Brazil’s former president Michel Temer arrested in Car Wash corruption case

Brazil’s former president was arrested on Thursday on corruption charges, making him the second ex-head of state to be detained in a five-year investigation which has shaken the country to its core.

Michel Temer, who took over from Dilma Rousseff when she was impeached in 2016, served as president until Jair Bolsonaro took over on January 1.

Mr Temer, 78, no longer has the partial immunity that helped him avoid prosecution. His arrest follows that of Luiz Inacio Lula da Silva, known as Lula, who is currently serving 12 years on a corruption conviction as part of the same investigation.

The case, known as Lava Jato or “Car Wash”, has seen over 150 powerful politicians and businessmen convicted in relation to the investigation, which has reshaped the country’s political and business landscapes.

Mr Temer is accused by prosecutors in Rio de Janeiro of being the leader of a "criminal organisation" that diverted 1.8 billion Reais (£362 million) from the construction of the Angra nuclear power plant complex, on the Rio de Janeiro coast.

They allege that construction company Engevix paid bribes to Mr Temer in exchange for a contract to build the plant.

He was detained at his home in Sao Paulo, and Brazilian television live-streamed his transfer from the city to the airport, where he was believed to be en route to Rio.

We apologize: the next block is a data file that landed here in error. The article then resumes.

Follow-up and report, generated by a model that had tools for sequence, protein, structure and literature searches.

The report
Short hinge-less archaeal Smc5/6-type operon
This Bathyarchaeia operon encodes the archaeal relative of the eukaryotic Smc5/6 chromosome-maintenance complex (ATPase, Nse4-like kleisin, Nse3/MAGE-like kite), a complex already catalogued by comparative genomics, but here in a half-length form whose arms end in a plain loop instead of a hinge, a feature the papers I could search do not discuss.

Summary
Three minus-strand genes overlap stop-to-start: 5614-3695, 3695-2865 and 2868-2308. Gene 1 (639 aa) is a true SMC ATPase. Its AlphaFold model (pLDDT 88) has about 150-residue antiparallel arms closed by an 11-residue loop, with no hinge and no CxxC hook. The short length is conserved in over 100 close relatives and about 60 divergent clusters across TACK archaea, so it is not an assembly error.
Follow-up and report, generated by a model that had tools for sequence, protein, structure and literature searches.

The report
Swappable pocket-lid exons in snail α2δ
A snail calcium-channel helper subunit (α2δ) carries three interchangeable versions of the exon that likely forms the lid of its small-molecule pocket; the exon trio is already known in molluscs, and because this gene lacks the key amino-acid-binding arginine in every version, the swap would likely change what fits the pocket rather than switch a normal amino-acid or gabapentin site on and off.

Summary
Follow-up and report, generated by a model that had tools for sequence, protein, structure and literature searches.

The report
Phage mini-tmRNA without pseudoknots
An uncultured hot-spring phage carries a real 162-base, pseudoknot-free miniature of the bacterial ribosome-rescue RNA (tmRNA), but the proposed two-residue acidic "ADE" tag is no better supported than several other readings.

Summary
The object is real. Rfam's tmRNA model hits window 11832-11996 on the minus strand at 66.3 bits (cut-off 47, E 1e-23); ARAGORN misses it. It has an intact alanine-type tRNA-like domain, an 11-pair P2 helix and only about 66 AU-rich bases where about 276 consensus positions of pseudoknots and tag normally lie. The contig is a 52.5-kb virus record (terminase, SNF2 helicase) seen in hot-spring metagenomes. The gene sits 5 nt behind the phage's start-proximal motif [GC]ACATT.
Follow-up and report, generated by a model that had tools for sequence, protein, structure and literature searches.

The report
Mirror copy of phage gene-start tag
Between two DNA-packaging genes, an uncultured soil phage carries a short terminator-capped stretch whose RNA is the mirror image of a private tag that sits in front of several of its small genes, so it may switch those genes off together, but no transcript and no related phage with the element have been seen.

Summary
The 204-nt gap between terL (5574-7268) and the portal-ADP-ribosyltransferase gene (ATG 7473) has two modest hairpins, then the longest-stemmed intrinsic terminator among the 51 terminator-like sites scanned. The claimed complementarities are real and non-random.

Judge Marcelo Breitas issued an arrest order for Mr Temer as well as Moreira Franco, a former minister and close ally of Mr Temer, and eight others.

Mr Temer’s spokesman declined to comment, but the Brazilian Democratic Movement party, which he was part of, called the arrest "haphazard."

"The party hopes that the Justice Department re-establishes individual liberties and the presumption of innocence," the party said.

Mr Temer’s arrest comes after the attorney general attempted three times to charge him, but failed due to Congress protecting him and failing to lift his immunity.

On leaving office, Mr Temer was asked about potential cases against him but said he was not worried and did not believe he would be arrested.

"I’m calm. I am not the least bit worried," he said.

"Those (charges) are such absurd things that a more objective and less passionate mind will see that and will say, ‘those allegations are irrelevant.’"